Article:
Dermatitis is a common condition that causes swelling and irritation of the skin. It has many causes and forms and often involves itchy, dry skin or a rash. Or it might cause the skin to blister, ooze, crust or flake. Three common types of this condition are atopic dermatitis, contact dermatitis and seborrheic dermatitis. Atopic dermatitis is also known as eczema.
Dermatitis isn't contagious, but it can be very uncomfortable. Moisturizing regularly helps control the symptoms. Treatment also may include medicated ointments, creams and shampoos.
Each type of dermatitis tends to occur on a different part of the body. Symptoms may include:
- Itchiness that can be painful.
- Dry, cracked, scaly skin, more typical on white skin.
- Rash on swollen skin that varies in color depending on skin color.
- Blisters, perhaps with oozing and crusting.
- Thickened skin.
- Small, raised bumps, more typical on brown or Black skin.
When to see a doctor
See your doctor if:
- You're so uncomfortable that the condition is affecting sleep and daily activities.
- Your skin is painful.
- You have a skin infection — look for new streaks, pus, yellow scabs.
- You have symptoms even after trying self-care steps.
Seek immediate medical attention if you have a fever and the rash looks infected.
A common cause of dermatitis is contact with something that irritates your skin or triggers an allergic reaction. Examples of such things are poison ivy, perfume, lotion and jewelry containing nickel. Other causes of dermatitis include dry skin, a viral infection, bacteria, stress, genetic makeup and a problem with the immune system.
Common risk factors for dermatitis include:
- Age. Dermatitis can occur at any age, but atopic dermatitis is more common in children than adults. It often begins in infancy.
- Allergies, atopic dermatitis and asthma. People who have a personal or family history of atopic dermatitis, allergies, hay fever or asthma are more likely to develop atopic dermatitis.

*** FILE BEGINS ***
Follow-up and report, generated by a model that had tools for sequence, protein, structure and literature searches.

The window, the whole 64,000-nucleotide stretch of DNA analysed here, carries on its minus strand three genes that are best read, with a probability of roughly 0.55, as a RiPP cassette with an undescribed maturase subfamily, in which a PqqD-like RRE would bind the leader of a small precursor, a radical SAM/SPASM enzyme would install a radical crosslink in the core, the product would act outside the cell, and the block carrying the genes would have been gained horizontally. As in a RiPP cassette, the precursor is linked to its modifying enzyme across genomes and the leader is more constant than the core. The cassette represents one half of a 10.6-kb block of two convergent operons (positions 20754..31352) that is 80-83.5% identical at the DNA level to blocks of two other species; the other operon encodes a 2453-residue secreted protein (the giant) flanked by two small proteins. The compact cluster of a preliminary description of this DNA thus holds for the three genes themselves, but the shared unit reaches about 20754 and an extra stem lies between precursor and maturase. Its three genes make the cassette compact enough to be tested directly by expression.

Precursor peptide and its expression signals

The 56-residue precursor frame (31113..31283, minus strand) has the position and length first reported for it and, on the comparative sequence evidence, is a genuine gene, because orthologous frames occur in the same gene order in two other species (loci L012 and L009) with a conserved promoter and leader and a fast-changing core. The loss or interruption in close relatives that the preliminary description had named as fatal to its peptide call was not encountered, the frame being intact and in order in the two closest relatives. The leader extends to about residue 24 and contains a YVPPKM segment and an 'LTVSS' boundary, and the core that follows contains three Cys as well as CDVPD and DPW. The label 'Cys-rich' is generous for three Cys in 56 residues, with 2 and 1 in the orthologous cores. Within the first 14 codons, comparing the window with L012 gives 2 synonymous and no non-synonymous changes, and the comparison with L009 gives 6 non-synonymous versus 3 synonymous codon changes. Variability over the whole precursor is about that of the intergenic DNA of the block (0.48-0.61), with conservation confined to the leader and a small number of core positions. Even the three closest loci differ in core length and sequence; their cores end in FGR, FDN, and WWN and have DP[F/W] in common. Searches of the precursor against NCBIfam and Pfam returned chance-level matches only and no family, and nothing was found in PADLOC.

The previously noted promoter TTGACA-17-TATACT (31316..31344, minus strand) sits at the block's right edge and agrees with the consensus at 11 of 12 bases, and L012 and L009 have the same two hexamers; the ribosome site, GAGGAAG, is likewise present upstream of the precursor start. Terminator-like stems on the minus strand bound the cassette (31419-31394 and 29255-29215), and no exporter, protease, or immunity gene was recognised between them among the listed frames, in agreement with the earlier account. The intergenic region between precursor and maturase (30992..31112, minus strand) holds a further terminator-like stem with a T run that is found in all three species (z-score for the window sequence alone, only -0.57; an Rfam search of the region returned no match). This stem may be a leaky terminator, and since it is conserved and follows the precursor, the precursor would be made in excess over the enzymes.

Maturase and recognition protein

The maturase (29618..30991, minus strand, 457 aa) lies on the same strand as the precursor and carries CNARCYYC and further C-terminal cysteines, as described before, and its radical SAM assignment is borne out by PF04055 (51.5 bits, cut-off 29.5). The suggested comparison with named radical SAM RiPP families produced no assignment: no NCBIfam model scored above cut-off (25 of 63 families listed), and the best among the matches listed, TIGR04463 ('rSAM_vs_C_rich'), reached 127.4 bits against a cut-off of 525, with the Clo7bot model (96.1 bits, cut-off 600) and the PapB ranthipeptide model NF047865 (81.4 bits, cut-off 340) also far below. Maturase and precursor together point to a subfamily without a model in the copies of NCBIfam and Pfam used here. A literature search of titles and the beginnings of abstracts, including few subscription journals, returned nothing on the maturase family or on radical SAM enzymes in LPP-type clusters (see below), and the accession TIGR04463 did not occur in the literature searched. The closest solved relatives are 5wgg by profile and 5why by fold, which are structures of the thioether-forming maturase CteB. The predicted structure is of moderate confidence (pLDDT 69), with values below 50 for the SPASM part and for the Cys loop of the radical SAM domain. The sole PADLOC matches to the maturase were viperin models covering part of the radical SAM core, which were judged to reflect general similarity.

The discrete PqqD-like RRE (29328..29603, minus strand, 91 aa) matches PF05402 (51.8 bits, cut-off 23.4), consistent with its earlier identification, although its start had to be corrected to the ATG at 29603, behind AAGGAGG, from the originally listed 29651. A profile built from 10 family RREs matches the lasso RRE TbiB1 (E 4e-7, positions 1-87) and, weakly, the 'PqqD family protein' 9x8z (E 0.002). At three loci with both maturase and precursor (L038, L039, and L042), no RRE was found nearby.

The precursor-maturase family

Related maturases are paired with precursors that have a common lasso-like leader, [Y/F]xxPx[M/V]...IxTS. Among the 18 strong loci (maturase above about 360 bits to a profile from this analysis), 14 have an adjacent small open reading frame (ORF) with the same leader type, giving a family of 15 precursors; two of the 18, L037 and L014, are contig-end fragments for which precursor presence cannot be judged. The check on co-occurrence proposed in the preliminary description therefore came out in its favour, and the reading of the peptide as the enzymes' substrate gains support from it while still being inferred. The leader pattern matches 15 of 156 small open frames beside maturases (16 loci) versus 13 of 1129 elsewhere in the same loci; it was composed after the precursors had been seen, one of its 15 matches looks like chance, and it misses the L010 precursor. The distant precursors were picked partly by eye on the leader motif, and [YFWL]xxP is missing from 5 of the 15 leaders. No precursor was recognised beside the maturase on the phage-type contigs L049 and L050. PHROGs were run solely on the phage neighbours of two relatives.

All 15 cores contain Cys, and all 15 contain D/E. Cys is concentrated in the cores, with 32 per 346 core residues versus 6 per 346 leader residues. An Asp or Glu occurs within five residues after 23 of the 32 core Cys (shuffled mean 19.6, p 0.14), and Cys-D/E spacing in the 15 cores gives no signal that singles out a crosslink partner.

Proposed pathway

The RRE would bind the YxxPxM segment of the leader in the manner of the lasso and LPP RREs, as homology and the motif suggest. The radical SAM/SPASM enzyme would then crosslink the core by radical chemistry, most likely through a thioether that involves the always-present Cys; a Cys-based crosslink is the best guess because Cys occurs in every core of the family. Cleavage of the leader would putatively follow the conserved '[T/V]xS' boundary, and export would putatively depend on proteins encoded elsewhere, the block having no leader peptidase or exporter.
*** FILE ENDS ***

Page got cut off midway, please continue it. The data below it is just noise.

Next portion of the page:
- Occupation. Jobs that put you in contact with certain metals, solvents or cleaning supplies increase your risk of contact dermatitis. Being a health care worker is linked to hand eczema.
- Other health conditions. Health conditions that put you at increased risk of seborrheic dermatitis include Parkinson's disease, immunodeficiency and HIV/AIDS.
Repeated scratching that breaks the skin can cause open sores and cracks. These increase the risk of infection from bacteria and fungi. These skin infections can spread and become life-threatening, though this is rare.
In people with brown and Black skin, dermatitis might cause the affected skin to darken or lighten. These conditions are called post-inflammatory hyperpigmentation and post-inflammatory hypopigmentation. It might take months or years for the skin to return to its usual color.
Wear protective clothing if you're doing a task that involves irritants or caustic chemicals.
Developing a basic skin care routine also may help prevent dermatitis. The following habits can help reduce the drying effects of bathing:
- Take shorter baths and showers. Limit your bath or shower to about 10 minutes. Use lukewarm, not hot, water. Bath oil also may be helpful.
- Use a mild soap or a soapless cleanser. Choose a cleanser that has no dyes, alcohols and fragrance. Some soaps can dry the skin. For young children, you usually need only warm water to get them clean — no soap or bubble bath needed. Don't scrub the skin with a washcloth or loofah.
- Pat dry. After bathing, gently pat the skin with a soft towel. Avoid aggressive rubbing.
Moisturize all the skin. While the skin is still damp, seal in moisture with an oil, cream or lotion. Moisturize throughout the day as needed.
Many moisturizers are sold. Try different products to find one that works for you. The ideal moisturizer is safe, unscented, effective, affordable and one that you like to use regularly. Examples include Vanicream, Eucerin, CeraVe and Cetaphil.